You should know the true value of time

When I turned 16 my grandmother gave me the pocket watch that had belonged to my grandfather - the man for whom I'm named. It was a gold watch, but didn't have a cover, and wasn't rare or particularly valuable. But it was the most important thing in the world to me, because it had been given to my grandfather by his parents as he turned 21, and he had wanted me to have it. When she gave it to me he was still a distinct memory, having passed just six years earlier. His initials were engraved on the case in the fanciest of scripts - JDH, for James Douglas Holleman - and the quiet but efficient ticking of the gears inside enamored me. I'd never held anything like it.

My grandmother explained that the watch must be kept wound, so that it stayed properly lubricated inside. Yet she also cautioned me on over-winding, and explained to me that the watch was somewhat like life - that there was a fine balance between too much and too little.

About seven years ago I was digging around in my safe, looking for some insurance papers that had disappeared, and was upset and frustrated in general. But in one of the back corners, underneath the kids' birth certificates and my old passport, was that watch. I hadn't wound it in years, but was excited at the opportunity, anticipating that perfect mechanical sound of wheels and gears in motion. Nothing happened. I smacked it gently, and still nothing. I hadn't kept it wound, and though it looked perfect from the outside, it needed help. I took it to a jeweler here in town and they were able to get it lubricated and back in running shape. Then I got that old passport renewed, realizing that I was becoming like that watch - OK on the outside, but lacking on the inside to some things that really mattered.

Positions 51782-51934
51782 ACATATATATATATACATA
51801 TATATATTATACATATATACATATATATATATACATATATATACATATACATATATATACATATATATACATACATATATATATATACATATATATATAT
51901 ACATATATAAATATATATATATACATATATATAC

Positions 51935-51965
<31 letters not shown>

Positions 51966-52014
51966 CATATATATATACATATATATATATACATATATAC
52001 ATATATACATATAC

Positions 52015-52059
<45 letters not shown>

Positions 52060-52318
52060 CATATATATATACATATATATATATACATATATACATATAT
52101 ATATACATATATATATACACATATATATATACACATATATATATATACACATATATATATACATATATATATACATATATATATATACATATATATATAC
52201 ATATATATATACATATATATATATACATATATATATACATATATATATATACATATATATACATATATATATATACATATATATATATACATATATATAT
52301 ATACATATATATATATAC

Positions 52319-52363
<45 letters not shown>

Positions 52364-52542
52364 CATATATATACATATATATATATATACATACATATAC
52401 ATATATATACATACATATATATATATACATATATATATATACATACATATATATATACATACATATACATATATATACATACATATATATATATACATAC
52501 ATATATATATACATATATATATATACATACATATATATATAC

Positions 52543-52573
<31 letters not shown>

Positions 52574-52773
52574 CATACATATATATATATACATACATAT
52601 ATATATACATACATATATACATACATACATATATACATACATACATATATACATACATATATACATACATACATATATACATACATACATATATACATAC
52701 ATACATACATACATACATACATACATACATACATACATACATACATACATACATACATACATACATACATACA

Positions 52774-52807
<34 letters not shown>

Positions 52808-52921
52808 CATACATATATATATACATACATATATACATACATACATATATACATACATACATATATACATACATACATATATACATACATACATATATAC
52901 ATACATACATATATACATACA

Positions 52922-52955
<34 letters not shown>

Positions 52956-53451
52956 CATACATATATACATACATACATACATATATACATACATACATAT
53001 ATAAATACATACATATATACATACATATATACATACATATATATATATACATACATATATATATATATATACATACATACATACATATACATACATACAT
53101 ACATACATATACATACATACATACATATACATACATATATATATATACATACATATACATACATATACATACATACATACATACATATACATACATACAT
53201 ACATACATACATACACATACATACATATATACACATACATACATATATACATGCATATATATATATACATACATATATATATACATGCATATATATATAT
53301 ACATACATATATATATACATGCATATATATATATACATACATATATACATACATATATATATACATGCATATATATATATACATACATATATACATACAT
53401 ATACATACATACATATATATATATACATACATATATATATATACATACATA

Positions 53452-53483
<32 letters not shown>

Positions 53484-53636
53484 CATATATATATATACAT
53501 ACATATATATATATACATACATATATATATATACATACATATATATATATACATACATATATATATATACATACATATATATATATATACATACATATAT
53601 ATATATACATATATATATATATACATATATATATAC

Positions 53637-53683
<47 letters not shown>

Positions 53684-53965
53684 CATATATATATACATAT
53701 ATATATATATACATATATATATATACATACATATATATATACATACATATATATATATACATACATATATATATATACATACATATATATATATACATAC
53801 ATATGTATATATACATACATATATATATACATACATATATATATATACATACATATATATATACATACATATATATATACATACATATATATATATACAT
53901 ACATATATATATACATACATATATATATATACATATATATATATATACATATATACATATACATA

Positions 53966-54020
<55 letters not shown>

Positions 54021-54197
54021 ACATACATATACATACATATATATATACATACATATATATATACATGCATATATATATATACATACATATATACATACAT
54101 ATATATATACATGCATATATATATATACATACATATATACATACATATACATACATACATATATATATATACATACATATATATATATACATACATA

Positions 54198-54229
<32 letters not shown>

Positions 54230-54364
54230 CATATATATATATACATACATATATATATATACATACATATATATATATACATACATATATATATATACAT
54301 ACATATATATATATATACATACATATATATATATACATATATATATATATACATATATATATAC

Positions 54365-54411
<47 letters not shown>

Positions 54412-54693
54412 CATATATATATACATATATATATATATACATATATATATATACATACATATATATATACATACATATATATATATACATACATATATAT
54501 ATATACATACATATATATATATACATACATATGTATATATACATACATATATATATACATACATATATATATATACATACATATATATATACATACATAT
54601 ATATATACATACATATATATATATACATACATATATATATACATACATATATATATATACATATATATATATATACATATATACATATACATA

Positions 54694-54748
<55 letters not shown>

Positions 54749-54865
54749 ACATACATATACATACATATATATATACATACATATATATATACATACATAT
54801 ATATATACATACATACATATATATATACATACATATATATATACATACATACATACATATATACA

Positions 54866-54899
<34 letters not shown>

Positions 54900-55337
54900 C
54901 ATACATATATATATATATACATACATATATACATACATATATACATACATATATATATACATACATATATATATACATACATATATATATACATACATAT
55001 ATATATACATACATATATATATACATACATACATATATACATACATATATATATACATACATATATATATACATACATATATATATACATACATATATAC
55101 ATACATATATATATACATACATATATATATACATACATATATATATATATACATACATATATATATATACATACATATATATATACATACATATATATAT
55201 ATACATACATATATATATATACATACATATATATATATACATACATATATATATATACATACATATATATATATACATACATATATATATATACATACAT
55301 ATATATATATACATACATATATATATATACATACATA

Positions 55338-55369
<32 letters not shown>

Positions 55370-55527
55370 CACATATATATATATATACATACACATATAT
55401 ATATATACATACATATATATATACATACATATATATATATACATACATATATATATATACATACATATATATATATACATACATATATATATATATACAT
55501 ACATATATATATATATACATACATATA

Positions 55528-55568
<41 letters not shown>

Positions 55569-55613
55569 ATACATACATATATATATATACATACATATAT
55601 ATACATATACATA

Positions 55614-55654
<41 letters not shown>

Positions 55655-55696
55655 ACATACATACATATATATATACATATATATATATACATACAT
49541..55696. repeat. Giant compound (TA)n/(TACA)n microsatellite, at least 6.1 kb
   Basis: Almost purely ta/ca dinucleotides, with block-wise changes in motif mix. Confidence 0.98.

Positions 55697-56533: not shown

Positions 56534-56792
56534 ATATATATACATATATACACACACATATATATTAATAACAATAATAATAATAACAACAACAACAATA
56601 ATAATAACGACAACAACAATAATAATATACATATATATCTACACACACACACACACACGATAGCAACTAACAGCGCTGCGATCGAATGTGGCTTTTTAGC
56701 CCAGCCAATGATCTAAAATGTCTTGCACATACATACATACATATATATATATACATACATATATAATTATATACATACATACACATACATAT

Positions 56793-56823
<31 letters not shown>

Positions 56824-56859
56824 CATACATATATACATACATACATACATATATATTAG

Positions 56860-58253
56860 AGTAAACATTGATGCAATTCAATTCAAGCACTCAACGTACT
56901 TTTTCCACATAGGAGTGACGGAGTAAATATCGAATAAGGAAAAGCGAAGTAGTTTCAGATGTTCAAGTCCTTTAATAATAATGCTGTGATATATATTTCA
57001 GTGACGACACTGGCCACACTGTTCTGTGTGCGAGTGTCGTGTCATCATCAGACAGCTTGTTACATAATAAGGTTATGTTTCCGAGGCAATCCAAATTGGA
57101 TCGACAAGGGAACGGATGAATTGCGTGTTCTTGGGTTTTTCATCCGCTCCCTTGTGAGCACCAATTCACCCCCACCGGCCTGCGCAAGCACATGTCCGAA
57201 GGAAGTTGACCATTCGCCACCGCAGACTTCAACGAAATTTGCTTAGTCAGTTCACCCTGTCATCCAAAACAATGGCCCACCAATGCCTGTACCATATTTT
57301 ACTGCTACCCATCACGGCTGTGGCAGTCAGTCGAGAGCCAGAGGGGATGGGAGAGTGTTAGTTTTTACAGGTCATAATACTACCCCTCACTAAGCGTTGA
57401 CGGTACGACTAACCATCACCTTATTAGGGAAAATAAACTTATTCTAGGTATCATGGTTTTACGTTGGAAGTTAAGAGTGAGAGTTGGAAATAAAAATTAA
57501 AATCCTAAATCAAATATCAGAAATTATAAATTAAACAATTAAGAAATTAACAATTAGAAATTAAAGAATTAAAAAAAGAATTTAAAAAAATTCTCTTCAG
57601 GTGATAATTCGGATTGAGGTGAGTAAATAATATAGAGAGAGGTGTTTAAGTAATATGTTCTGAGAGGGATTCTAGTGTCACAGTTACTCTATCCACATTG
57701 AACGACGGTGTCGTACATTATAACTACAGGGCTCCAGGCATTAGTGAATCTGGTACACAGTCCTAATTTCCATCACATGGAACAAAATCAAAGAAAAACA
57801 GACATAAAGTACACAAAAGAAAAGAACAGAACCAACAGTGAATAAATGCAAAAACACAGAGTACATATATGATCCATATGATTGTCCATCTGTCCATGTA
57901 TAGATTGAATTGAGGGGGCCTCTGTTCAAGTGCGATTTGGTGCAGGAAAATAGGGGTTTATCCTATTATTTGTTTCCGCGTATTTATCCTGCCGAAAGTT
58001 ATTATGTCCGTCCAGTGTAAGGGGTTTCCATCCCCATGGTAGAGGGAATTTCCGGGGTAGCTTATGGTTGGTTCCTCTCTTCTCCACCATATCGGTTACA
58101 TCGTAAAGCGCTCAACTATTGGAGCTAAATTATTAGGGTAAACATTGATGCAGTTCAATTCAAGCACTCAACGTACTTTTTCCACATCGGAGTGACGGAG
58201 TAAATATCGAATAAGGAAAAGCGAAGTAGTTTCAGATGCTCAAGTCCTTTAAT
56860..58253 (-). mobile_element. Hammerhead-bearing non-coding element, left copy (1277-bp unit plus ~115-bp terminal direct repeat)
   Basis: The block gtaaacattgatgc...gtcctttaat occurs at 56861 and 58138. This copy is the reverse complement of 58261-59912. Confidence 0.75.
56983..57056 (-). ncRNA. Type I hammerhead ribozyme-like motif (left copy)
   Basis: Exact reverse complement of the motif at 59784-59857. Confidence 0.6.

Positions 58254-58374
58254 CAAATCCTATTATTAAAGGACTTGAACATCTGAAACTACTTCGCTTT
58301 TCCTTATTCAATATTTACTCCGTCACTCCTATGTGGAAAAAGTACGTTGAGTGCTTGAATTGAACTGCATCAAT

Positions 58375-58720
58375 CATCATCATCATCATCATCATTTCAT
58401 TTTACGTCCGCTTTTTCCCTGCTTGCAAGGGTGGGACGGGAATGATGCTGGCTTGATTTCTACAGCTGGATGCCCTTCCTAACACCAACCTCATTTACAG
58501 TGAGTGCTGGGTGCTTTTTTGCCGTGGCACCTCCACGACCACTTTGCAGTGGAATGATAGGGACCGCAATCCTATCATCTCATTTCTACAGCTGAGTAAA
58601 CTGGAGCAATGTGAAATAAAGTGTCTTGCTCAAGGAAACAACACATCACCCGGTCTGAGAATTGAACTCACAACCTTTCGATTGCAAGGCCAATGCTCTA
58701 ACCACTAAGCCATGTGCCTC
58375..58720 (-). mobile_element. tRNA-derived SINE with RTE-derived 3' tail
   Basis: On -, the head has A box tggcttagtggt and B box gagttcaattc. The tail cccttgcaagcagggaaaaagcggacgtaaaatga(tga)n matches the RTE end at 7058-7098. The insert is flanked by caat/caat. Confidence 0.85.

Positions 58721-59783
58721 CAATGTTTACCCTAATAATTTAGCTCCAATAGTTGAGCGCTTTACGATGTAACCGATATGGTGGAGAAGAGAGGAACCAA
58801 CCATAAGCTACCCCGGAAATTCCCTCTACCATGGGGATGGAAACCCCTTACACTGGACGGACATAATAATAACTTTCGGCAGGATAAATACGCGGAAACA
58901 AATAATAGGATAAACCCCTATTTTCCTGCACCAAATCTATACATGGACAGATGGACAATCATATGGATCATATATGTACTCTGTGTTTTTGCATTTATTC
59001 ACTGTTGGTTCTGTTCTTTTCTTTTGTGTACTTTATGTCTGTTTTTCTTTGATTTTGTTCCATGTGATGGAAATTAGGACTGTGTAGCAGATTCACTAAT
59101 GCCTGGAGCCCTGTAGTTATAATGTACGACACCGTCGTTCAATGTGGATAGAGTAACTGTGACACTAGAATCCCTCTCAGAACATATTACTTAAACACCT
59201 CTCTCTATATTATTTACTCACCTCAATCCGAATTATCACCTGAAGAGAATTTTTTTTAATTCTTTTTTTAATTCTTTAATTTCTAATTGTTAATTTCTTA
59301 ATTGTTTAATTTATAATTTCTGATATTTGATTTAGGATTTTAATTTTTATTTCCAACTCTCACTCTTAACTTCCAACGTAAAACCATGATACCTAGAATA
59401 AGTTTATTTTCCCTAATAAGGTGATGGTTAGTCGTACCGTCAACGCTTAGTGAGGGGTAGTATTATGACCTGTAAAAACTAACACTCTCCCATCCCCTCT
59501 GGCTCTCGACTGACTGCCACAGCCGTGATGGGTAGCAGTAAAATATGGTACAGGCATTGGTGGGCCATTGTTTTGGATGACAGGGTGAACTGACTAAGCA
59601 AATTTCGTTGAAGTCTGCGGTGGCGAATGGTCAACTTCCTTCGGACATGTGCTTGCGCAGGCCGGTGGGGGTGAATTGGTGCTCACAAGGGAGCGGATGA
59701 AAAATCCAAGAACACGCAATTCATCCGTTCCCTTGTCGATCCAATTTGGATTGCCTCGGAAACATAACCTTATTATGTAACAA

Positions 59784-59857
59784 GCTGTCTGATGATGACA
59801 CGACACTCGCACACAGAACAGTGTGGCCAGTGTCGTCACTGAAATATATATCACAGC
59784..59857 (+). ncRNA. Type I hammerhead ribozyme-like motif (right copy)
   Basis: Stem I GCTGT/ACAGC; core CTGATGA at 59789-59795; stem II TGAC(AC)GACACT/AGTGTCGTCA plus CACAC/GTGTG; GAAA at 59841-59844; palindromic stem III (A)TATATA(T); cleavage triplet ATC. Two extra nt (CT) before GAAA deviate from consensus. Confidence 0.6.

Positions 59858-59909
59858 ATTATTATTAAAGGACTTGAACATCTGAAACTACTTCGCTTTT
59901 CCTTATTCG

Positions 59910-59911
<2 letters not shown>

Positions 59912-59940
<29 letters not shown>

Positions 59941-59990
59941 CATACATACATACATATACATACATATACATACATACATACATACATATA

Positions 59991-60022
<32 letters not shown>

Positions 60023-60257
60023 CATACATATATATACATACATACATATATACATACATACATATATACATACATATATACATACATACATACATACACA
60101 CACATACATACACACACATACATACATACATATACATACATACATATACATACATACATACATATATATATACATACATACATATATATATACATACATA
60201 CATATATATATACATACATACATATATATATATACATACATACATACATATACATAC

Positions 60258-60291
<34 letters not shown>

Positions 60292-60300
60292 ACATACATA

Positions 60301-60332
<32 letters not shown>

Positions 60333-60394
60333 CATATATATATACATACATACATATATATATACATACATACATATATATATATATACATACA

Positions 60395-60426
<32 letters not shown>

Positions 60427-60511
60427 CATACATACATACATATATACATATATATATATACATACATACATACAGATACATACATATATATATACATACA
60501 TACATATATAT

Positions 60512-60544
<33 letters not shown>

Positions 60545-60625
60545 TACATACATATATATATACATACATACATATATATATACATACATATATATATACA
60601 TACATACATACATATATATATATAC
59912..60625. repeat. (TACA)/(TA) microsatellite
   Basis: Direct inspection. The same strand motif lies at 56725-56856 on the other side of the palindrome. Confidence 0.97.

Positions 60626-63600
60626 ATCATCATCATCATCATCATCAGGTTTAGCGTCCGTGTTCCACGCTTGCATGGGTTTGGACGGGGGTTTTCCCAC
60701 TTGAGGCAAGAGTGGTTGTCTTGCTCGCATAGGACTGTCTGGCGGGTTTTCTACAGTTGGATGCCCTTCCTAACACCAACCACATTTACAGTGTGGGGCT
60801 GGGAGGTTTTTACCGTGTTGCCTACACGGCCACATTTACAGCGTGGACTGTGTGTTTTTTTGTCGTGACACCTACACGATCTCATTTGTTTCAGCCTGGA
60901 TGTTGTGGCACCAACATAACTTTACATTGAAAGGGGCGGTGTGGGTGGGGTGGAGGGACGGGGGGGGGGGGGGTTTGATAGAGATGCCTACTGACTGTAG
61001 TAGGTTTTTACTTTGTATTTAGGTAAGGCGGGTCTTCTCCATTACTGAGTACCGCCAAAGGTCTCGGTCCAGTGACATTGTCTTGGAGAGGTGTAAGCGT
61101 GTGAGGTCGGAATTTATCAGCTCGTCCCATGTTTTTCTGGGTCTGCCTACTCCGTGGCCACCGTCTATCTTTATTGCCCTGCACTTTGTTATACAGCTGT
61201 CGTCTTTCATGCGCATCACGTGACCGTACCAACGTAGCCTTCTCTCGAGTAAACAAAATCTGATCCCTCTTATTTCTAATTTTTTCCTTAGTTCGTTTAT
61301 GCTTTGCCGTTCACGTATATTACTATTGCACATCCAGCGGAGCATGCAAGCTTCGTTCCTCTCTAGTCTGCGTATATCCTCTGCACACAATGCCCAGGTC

I count that watch as one of my most prized possessions, along with my first pocketknife and some carvings my grandfather gave me. As I look at it today I'm reminded of the true value of time, and that while time can be measured with a watch, it can also be measured in more important ways. More than ever I feel like that watch, with time ticking, and realizing that time is the most valuable thing I have. There are things in this world that I want to do - and accomplish - and now is the time.

This blog entry will post automatically for me, on a schedule, as they usually do. But this one is a little different. It will post at 1:00 PM on December 22, just as we begin funeral services for one of my favorite uncles. I'm honored to have been asked to serve as a pallbearer for his service, an honor that seems to come too often these days. Johnnie Turner passed yesterday at 90 years of age, and if anyone ever made good use of their years it was him. But I know it went fast for him, as it always seems to for me, and surely does for you. I know that now's the time to do the things I want to, because time is ever-fleeting. If there's anything more valuable to me than my grandfather's pocket watch, these days, it's time. If there's anything important that you're not doing because you "just don't have time", please do your best to find the time for that goal. Don't procrastinate on that trip, that book you're writing, that old friend, that thing that really matters to you. There's an expression that time sneaks up on us, and it's true. Make every minute count, because the true value of time can never be counted. Life is the watch that never stops ticking.


2 comments

  1. Great story and push for just what I've needed! I also have my great grandfather's pocket watch but it isn't in nearly as good shape as yours!

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    1. Thank you. My grandfather was a farmer, and I doubt that he carried his watch very often - keeping it looking so nice. And it's ticking right now, thank goodness.

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